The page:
COVID-19 infections and clinical outcomes in patients with multiple myeloma in New York City: A cohort study from five academic centers Journal Article

Authors: Hultcrantz, M.; Richter, J.; Rosenbaum, C. A.; Patel, D.; Smith, E. L.; Korde, N.; Lu, S. X.; Mailankody, S.; Shah, U. A.; Lesokhin, A. M.; Hassoun, H.; Tan, C.; Maura, F.; Derkach, A.; Diamond, B.; Rossi, A.; Pearse, R. N.; Madduri, D.; Chari, A.; Kaminetzky, D.; Braunstein, M. J.; Gordillo, C.; Reshef, R.; Taur, Y.; Davies, F. E.; Jagannath, S.; Niesvizky, R.; Lentzsch, S.; Morgan, G. J.; Landgren, O.
Article Title: COVID-19 infections and clinical outcomes in patients with multiple myeloma in New York City: A cohort study from five academic centers
Abstract: Patients with multiple myeloma have a compromised immune system, due to both the disease and antimyeloma therapies, and may therefore be particularly susceptible to COVID-19. Here, we report outcomes and risk factors for serious disease in patients with multiple myeloma treated at five large academic centers in New York City in the spring of 2020, during which it was a global epicenter of the SARS-CoV-2 pandemic. Of 100 patients with multiple myeloma (male 58%; median age 68) diagnosed with COVID-19, 75 were admitted; of these, 13 patients (17%) were placed on invasive mechanical ventilation, and 22 patients (29%) expired. Of the 25 nonadmitted patients, 4 were asymptomatic. There was a higher risk of adverse outcome (intensive care unit admission, mechanical ventilation, or death) in Hispanics/Latinos (n = 21), OR = 4.7 (95% confidence interval, 1.3-16.7), and African American Blacks (n = 33), OR = 3.5 (1.1-11.5), as compared with White patients (n = 36). Patients who met the adverse combined endpoint had overall higher levels of inflammatory markers and cytokine activation. None of the other studied risk factors were significantly associated (P > 0.05) with adverse outcome: hypertension (n = 56), OR = 2.2 (0.9-5.4); diabetes (n = 18), OR = 0.9 (0.3-2.9); age >65 years (n = 63), OR = 1.8 (0.7-4.6); high-dose melphalan with autologous stem cell transplant <12 months (n = 7), OR = 0.9 (0.2-5.4); and immunoglobulin G <650 mg/dL (n = 42), OR = 0.9 (0.3-2.2). In this largest cohort to date of patients with multiple myeloma and COVID-19, we found the case fatality rate to be 29% among hospitalized patients and that race/ethnicity was the most significant risk factor for adverse outcome. Significance: Patients with multiple myeloma are immunocompromised, raising the question whether they are at higher risk of severe COVID-19 disease. In this large case series on COVID-19 in patients with multiple myeloma, we report 29% mortality rates among hospitalized patients and identify race/ethnicity as the most significant risk factor for severe outcome.See related commentary by Munshi and Anderson, p. 218. This article is highlighted in the In This Issue feature, p. 215. ©2020 American Association for Cancer Research.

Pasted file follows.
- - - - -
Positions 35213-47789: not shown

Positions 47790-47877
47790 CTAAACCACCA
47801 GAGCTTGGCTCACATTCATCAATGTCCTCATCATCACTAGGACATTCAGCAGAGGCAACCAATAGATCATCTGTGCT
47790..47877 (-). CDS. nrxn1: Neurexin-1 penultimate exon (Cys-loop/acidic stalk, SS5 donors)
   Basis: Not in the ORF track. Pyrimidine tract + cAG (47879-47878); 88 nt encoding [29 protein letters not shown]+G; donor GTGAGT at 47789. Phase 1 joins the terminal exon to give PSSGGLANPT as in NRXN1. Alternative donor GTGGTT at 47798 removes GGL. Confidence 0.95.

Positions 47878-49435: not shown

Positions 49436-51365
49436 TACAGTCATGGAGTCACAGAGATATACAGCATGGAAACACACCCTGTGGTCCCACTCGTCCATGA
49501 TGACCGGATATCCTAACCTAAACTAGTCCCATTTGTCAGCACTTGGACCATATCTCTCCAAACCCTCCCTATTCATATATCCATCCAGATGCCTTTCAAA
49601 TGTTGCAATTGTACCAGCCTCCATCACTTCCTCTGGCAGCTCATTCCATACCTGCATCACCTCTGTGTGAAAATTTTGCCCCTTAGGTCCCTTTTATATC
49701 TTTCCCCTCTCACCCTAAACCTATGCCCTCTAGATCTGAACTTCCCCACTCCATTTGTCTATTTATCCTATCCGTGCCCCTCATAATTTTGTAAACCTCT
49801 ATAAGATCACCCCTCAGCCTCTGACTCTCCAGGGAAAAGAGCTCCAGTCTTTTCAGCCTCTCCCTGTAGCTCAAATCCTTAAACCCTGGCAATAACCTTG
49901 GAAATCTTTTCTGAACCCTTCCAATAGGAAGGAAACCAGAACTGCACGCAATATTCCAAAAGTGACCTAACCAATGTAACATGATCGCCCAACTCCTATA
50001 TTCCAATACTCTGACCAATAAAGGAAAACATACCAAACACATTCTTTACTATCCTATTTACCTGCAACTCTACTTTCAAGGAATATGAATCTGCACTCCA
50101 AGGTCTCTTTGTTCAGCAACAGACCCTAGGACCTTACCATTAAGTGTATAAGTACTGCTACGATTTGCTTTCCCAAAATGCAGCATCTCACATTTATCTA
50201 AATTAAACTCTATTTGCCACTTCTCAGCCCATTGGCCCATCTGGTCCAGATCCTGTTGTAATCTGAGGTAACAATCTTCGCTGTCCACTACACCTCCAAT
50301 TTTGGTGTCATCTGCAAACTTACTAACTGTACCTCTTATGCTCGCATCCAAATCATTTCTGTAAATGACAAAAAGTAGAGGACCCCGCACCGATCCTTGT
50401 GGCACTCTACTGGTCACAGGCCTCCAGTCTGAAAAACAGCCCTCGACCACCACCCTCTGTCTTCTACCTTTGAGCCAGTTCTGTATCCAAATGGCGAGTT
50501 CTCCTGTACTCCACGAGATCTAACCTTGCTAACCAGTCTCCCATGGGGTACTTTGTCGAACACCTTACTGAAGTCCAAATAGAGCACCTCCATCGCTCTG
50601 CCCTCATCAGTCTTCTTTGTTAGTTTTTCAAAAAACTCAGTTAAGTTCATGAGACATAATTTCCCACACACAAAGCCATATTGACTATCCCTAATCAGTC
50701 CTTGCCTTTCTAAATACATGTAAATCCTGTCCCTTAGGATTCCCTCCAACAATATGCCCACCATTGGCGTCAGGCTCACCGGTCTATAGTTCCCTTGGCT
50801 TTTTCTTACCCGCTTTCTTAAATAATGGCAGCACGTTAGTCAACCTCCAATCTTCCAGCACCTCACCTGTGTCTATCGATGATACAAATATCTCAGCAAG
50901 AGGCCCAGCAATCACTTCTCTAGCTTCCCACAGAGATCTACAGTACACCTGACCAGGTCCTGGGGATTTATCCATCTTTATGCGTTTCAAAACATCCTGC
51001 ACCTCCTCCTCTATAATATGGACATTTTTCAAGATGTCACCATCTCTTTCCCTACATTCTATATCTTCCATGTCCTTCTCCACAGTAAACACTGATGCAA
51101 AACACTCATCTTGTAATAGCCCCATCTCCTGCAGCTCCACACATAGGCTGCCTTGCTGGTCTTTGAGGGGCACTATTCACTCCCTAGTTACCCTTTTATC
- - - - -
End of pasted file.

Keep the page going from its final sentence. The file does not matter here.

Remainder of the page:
Journal Title: Blood Cancer Discovery
Volume: 1
Issue: 3
ISSN: 2643-3230
Publisher: American Association for Cancer Research  
Date Published: 2020-11-01
Start Page: 234
End Page: 243
Language: English
DOI: 10.1158/2643-3230.Bcd-20-0102
PUBMED: 34651141
PROVIDER: scopus
PMCID: PMC7668224
Notes: The MSK Cancer Center Support Grant (P30 CA008748) is acknowledged in the PubMed record and PDF. Corresponding author is MSK author Malin Hultcrantz -- Source: Scopus
Citation Impact
MSK Authors
  1. Hani Hassoun
    266 Hassoun
  2. Ying Taur
    141 Taur
  3. Alexander Meyer Lesokhin
    270 Lesokhin
  4. Sydney X Lu
    98 Lu
  5. Eric Smith
    74 Smith
  6. Carl Ola Landgren
    334 Landgren
  7. Neha Sanat Korde
    154 Korde
  8. Urvi A Shah
    113 Shah
  9. Francesco Maura
    52 Maura
  10. Benjamin Diamond
    31 Diamond
  11. Andriy Derkach
    89 Derkach
  12. Dhwani Patel
    22 Patel
  13. Carlyn Rose Tan
    58 Tan